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Publication numberUS1880773 A
Publication typeGrant
Publication dateOct 4, 1932
Filing dateAug 15, 1929
Priority dateAug 15, 1929
Publication numberUS 1880773 A, US 1880773A, US-A-1880773, US1880773 A, US1880773A
InventorsArthur M Buswell, Clair S Boruff
Original AssigneeUniv Illinois
Export CitationBiBTeX, EndNote, RefMan
External Links: USPTO, USPTO Assignment, Espacenet
Cellulose digestion
US 1880773 A
Abstract  available in
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Claims  available in
Description  (OCR text may contain errors)

'Oct. 4, 1932. A. M. BUS'VQVELL ET AL CELLULOSE DIGESTI ON Filed Aug. 15, 1929 Patented Uct. 4, 1932 UNITED STATES PATENT OFFICE ARTHUR M. BUSWELL, OF URBANA, AND CLAIR S. BORUFF, OIF MONMOUTH, ILLINOIS,

ASSIGNORS TO BOARD OF TRUSTEES OF THE UNIVERSITY ILLINOIS, A. CORPORATION OF ILLINOIS or ILLINOIS, or URBANA,

CELLULOSE DIGESTION Application filed August 15, 1929. Serial No. 386,080.

This invention relates to the treatment of cellulose containing mate-rial by bacteriological action.

It is one of the objects of the present invention to produce combustible gas by the action of bacteria upon cellulose containing material. Where necessary the material may be ple-treated to facilitate the bacteriological action.

o have found that corn stalks when properly treated constitute suitable material for bacteriological action resulting in the formation of methane gas. The treatment may consist of soaking or cooking for about one hour, preferably in the presence of a dilute acid or alkali. The bacteria used are the anaerobes found in sewage sludge, although these bacteria may, of course, be obtained from other sources and it is within the purview of the present invention to provide cultures of the proper bacteria for use in connection with this process. We have found that the corn stalks, when such are used, are not entirely consumed by the bacteriological action. It appears that the inner pith structure of the stalks is consumed while the fibrelike structure that constitutes the outer portion of the stalk may or may not remain depending upon the ext-ent to which the decomposition is permitted to take place. This remaining material may be a valuable product for various purposes, such as the manufac-' ture of paper for instance, and it is one of the objects of the present invention to provide a method of subjecting corn stalks to bacteriological action to render them more suitable for commercial purposes.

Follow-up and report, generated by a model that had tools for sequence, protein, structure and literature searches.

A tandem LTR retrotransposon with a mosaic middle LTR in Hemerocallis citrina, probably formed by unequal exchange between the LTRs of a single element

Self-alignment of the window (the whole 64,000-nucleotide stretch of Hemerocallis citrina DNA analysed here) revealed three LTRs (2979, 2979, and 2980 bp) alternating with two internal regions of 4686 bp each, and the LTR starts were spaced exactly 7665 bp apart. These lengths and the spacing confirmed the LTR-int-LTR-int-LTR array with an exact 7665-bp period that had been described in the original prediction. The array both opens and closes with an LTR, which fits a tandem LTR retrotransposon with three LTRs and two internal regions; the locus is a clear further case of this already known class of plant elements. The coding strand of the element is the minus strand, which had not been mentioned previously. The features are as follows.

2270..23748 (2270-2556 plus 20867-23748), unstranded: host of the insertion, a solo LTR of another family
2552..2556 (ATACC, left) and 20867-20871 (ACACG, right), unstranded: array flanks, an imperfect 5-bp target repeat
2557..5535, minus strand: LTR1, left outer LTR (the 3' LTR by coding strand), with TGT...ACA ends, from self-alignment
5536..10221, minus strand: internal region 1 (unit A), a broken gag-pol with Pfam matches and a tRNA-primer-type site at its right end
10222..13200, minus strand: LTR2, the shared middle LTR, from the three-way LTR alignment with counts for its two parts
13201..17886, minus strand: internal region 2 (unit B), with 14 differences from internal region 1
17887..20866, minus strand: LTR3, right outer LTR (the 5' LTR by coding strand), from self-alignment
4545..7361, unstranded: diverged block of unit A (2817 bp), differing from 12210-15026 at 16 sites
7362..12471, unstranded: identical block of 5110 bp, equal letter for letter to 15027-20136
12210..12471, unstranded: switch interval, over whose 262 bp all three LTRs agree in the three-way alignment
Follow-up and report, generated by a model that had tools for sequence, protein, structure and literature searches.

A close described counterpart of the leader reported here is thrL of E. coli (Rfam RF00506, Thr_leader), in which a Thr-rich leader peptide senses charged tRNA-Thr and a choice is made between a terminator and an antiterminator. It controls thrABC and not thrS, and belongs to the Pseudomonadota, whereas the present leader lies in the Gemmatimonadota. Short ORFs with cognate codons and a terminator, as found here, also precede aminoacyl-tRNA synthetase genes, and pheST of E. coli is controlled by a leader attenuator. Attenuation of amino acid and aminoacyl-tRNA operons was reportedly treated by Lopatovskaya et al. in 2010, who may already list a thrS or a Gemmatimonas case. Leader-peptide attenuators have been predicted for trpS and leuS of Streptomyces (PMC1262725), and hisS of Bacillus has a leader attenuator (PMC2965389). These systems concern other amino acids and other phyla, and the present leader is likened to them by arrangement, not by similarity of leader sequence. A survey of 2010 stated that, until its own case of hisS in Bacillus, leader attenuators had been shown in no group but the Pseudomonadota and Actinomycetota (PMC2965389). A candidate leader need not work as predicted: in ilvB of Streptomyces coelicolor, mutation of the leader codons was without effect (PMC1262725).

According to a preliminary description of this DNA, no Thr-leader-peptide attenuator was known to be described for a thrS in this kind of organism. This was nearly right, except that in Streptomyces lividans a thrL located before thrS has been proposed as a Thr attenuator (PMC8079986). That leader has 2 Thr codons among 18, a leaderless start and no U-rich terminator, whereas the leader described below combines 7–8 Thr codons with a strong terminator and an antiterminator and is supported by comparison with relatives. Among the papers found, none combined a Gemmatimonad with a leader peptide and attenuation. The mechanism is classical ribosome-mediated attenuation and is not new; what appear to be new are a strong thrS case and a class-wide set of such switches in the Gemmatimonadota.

Before proceeding with a further explanation of the present invention itmay be well to describe an experiment which we have per formed in connection with the same.

Three bottles of about two quart capacity were provided with proper stoppers and connections to hold fermenting organic material and collect any gases which might beproduced. Without'going into details it may be said that a set of these bottles was arranged to duplicate on a small scale the sludge digestion tank shown in the copending application of Arthur M. Buswell, Serial No. 361,602, filed May 9, 1929. This tank is shown in the accompanying drawing to which reference will b had more particularly as the description proceeds. 150 cubic centimeters of sewage sludge was added to each of these three bottles. There were two objects in using this sewage sludge; first, toprovide the proper bacteria for the inoculation of organic matter to be decomposed and second to provide nitrogenous substances which are necessar for all bacterial life. We next added the following materials to the three bottles. To bottle N o. l we added 10 grams of shredded corn stalks; to bottle No. 2 we added 10 grams of shredded corn stalks which had been cooked with water for one hour; to bottle No. 3 we added 10 grams of shredded corn stalks which had been cooked one hour with 2% sulphuric acid after which the acid was neutralized. All three bottles were filled with water and the stoppers and connections arranged to prevent the entrance of air and to allow the collection of any gases produced. Bottle N o. 1 produced 1100 cubic centimeters of gas, bottle No. 2 produced 1600 cubic centimeters of gas, and bottle No. 3 produced 1900 cubic centimeters of gas.